The problem for vendors, says Chism, is that the vast majority of callers are legitimate, do not engage in dirty tricks and do their best to abide by what has become a maze of different state regulations governing robocalls. Vendors see states like Oregon, Indiana and numerous others as off limits, which many say translates into a signi%uFB01cant hit to their businesses.
Don Powell’s %uFB01rm is based in Oregon where the restrictions put some 65 percent of registered voters off limits. “It de%uFB01nitely affected my business more than I thought it would,” says Powell, who owns Powell Phones.”Originally I %uFB01gured the campaigns and candidates that I had worked with in the past would just go to live calls if they couldn’t do the robocalls, but that didn’t happen.” And, he adds, it isn’t likely to happen anytime soon given the added expense.
The typical robocall runs anywhere from 5 to 7 cents, if not cheaper. The typical live call ranges from 40 to 85 cents a pop. Phone vendors are put in a tough spot. On the one hand, there’s a desire to clean up the process and try to root out the so-called %uFB02 y-by-nights. On the other hand, there’s the work of staving off further regulation, which requires championing First Amendment concerns through lobbying efforts on the state and federal level.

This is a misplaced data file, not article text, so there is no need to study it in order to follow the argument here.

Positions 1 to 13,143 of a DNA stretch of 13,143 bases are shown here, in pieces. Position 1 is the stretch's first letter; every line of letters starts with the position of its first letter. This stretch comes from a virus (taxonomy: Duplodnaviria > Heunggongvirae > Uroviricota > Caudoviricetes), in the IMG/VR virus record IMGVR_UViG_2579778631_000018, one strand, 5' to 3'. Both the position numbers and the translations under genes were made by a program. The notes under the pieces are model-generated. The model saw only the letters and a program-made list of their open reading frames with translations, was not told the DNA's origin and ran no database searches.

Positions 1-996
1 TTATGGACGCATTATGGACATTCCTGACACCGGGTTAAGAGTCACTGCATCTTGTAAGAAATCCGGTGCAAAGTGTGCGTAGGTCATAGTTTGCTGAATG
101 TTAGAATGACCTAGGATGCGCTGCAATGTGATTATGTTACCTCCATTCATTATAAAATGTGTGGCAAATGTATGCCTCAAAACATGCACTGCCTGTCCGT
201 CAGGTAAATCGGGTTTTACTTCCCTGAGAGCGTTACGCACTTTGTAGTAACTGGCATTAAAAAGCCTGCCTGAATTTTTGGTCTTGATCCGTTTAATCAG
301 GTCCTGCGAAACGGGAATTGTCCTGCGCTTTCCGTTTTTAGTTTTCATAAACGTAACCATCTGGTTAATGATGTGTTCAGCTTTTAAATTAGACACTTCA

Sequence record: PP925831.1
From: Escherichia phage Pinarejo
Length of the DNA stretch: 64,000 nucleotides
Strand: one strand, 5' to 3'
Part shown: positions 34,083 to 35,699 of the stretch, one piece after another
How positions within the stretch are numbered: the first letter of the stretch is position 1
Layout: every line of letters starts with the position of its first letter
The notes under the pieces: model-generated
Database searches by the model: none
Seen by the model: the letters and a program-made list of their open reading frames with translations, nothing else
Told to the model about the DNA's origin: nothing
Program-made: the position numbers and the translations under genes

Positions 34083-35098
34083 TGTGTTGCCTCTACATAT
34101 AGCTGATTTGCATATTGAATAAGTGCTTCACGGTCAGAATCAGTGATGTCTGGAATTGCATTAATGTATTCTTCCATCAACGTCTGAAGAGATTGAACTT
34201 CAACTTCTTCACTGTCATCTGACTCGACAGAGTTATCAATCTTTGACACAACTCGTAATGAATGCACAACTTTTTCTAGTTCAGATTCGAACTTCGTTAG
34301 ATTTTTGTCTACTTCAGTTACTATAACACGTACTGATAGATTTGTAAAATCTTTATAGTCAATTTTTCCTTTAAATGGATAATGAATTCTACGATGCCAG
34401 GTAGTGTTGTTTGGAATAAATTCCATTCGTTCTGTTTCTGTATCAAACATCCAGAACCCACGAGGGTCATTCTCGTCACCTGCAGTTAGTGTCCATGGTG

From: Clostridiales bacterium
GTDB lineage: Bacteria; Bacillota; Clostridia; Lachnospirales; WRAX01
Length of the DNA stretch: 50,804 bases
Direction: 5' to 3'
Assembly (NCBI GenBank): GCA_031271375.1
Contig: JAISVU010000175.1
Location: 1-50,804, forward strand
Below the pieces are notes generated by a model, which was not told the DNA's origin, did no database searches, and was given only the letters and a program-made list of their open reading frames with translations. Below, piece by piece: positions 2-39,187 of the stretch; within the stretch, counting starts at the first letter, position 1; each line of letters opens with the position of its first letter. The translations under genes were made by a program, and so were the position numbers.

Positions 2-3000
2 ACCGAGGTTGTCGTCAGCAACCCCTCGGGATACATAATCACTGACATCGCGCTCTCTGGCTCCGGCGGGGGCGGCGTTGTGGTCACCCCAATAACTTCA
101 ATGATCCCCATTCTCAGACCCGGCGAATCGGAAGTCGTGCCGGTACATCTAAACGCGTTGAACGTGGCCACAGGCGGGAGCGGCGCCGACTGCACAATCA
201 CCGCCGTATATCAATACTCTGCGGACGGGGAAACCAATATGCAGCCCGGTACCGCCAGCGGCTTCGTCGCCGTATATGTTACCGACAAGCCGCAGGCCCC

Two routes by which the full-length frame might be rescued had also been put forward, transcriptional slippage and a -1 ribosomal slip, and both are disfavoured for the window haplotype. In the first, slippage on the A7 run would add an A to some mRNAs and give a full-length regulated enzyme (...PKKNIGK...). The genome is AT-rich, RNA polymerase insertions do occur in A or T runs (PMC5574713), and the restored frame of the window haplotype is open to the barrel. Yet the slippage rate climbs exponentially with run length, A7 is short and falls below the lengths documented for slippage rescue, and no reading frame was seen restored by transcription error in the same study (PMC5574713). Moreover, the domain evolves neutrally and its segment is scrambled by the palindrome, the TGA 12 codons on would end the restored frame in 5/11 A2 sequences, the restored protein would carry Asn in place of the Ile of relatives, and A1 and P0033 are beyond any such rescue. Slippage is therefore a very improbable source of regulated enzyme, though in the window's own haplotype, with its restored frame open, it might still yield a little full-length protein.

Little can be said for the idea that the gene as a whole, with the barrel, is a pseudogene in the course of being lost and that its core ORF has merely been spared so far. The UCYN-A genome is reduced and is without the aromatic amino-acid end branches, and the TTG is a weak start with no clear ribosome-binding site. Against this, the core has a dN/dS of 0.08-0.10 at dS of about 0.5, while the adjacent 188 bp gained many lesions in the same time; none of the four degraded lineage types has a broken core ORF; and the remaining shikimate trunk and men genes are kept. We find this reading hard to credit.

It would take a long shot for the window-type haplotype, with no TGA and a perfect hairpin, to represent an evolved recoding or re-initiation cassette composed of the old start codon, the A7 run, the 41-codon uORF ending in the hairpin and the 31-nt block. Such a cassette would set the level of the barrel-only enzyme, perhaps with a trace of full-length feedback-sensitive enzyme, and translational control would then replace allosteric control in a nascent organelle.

Part of what the industry needs, says Chism, is a more concerted effort to discourage %uFB02y-by-night %uFB01rms and demonstrate that the accidental 3 a.m. robocall or theMorrow-like calls are outliers and not representative of the way the vast majority of political phone vendors do business. “We simply don’t combat that stuff well enough,” he says.
It’s one of the reasons the American Association of Political Consultants is in the process of drafting an of%uFB01cial policy on the use of robocalls. “We already have a similar policy as it relates to push-polling,” says Angela McMillan, the AAPC’s executive director. “As an industry we have an obligation to promote good business practices, and that’s what we intend to do.”